CH: It’ll be tough, but none of those decisions have been made. Obviously, if they were to come across (the border), they would have to quarantine for 14 days and would have to be given access by the border authorities. So it’s a very, very difficult situation for them, but we’re not giving up, and we feel that if the border does open, Wenatchee will be invited into our league again and the Wild will pick up right where they left off.

BW: What has the response been to this point from teams, players, and parents when the topic of a pay-to-play model is raised?

CH: There’s been very little concern across the league. Most of our families are thrilled that their sons will have the opportunity to play hockey (this season) and this high of a level. We’re actually quite encouraged by the fact that everybody understands that we’re in a situation that is unprecedented, and everybody understands that their kid can have an experience that will be extremely important to him. Whether it’s getting a scholarship or being seen by scouts, so everyone understands that this is not what we wanted to happen, but it is the way to have a season.

BW: Do you anticipate some teams will lose players because of the fee model?

CH: Sure, and if there’s a situation where a player has an opportunity to go somewhere else and doesn’t want to pay the fee, they can go, obviously. The way we’re looking at it is that the players have the freedom to choose, and we’re just starting out on this, but we’d also like to see if we can get corporate and government support for players who may not be able to afford to pay. It’s our intention to keep everybody, but that may not be possible.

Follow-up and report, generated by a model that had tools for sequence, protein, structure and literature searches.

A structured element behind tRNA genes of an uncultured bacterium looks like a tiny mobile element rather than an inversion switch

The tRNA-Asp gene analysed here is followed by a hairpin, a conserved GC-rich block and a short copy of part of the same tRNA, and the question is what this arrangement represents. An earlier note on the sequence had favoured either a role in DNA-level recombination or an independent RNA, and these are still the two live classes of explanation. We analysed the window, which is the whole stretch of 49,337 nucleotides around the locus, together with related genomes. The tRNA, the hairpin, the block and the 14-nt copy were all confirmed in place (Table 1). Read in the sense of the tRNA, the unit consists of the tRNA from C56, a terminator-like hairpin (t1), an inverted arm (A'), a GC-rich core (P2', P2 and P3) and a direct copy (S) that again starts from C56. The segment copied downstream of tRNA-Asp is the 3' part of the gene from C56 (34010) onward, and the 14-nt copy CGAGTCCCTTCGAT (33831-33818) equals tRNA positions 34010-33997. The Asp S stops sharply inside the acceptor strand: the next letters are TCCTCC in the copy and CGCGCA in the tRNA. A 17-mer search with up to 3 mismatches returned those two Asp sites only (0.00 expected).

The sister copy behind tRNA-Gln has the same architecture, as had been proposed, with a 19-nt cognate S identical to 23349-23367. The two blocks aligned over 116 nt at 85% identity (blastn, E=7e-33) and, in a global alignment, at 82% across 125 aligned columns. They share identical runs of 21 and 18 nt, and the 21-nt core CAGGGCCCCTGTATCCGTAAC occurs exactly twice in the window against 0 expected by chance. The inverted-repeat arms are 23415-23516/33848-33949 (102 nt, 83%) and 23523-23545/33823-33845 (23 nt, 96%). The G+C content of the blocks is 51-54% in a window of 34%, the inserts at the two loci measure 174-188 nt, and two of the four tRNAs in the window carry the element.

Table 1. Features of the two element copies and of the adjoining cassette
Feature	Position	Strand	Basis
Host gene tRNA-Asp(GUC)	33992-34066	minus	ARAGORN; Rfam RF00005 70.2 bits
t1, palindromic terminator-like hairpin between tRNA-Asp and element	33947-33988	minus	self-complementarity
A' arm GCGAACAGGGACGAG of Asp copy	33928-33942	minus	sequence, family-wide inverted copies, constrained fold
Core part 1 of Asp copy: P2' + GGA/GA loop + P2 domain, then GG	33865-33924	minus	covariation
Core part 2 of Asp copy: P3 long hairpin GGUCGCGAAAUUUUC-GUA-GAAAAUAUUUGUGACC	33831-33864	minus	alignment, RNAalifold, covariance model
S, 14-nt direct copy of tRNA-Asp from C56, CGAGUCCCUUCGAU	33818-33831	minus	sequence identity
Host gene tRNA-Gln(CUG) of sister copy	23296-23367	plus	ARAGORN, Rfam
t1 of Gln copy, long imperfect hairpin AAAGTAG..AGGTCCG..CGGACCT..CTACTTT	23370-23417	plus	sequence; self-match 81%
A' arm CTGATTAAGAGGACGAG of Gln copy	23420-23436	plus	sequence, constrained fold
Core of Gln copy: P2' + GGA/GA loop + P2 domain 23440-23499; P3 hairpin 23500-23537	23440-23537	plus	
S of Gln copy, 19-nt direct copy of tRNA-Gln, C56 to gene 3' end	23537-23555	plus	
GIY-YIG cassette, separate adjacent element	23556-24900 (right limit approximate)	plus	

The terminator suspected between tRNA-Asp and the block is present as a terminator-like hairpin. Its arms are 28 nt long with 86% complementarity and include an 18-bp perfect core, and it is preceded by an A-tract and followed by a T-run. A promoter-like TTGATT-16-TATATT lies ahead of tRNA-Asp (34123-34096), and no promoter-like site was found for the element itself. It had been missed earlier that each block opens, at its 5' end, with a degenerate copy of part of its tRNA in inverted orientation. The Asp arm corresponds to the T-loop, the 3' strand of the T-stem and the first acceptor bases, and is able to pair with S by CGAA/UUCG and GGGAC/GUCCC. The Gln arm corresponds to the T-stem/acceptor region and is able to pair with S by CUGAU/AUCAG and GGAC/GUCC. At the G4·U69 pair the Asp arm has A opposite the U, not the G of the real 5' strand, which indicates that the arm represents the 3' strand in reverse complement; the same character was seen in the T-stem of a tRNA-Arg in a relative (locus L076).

BW: Is there uniformity in what the fee structure is across the league?

CH: The uniformity is that we are not going to profit off of this. Teams will look at their cost structure and they will charge on how they are going to be able to break even.

BW: Is the financial structure of ownership, like a non-profit society vs. private ownership, somewhat of a deciding factor on what fees will look like?

CH: It’s really going to be based on what a team’s costs are and how you are able to cover those costs. We’re looking for the players to help here, but if we can go and subsidize it with corporate support, or owners dip into their own pockets, which is a tough thing to ask them after what they’ve been through over the last six months, then we’re going to make it work.

BW: You mentioned in the news release the league is still looking for financial support from the government. Some will say that with a pay-to-play structure, government help shouldn’t be necessary. Why is government financial support something the league is still exploring?

CH: We won’t think the player fees will cover all the costs, and we also believe the BCHL deserves government support. We haven’t had any and we know the answer hasn’t been a final ‘no’, but we certainly hope the government, both at the municipal and provincial levels, see the value in the league and finds ways to support us. We have value in our communities and we have a financial impact, and we should be treated like other sports organizations that create tourism.

BW: Do you anticipate charge a fee for players to play next season as well?

CH: We are not charging a fee next season unless we’re in a situation, which obviously we don’t want it to happen, where we’re in a COVID-19 lockdown again. Our plan is to go back to business as usual next season.

BW: With buildings limited to 50 people or less, what have the discussions been in regard to access for broadcast and media personnel?

CH: It is our intention to broadcast the games, we’re trying to get clarity regarding having broadcasters and media in the building as well as players on the ice, officials, scorekeepers, etc. At this point, we’re trying to do whatever we can to enable us to play the game, and we’re seeking clarity on having other people in the arenas, but we don’t have the answers yet.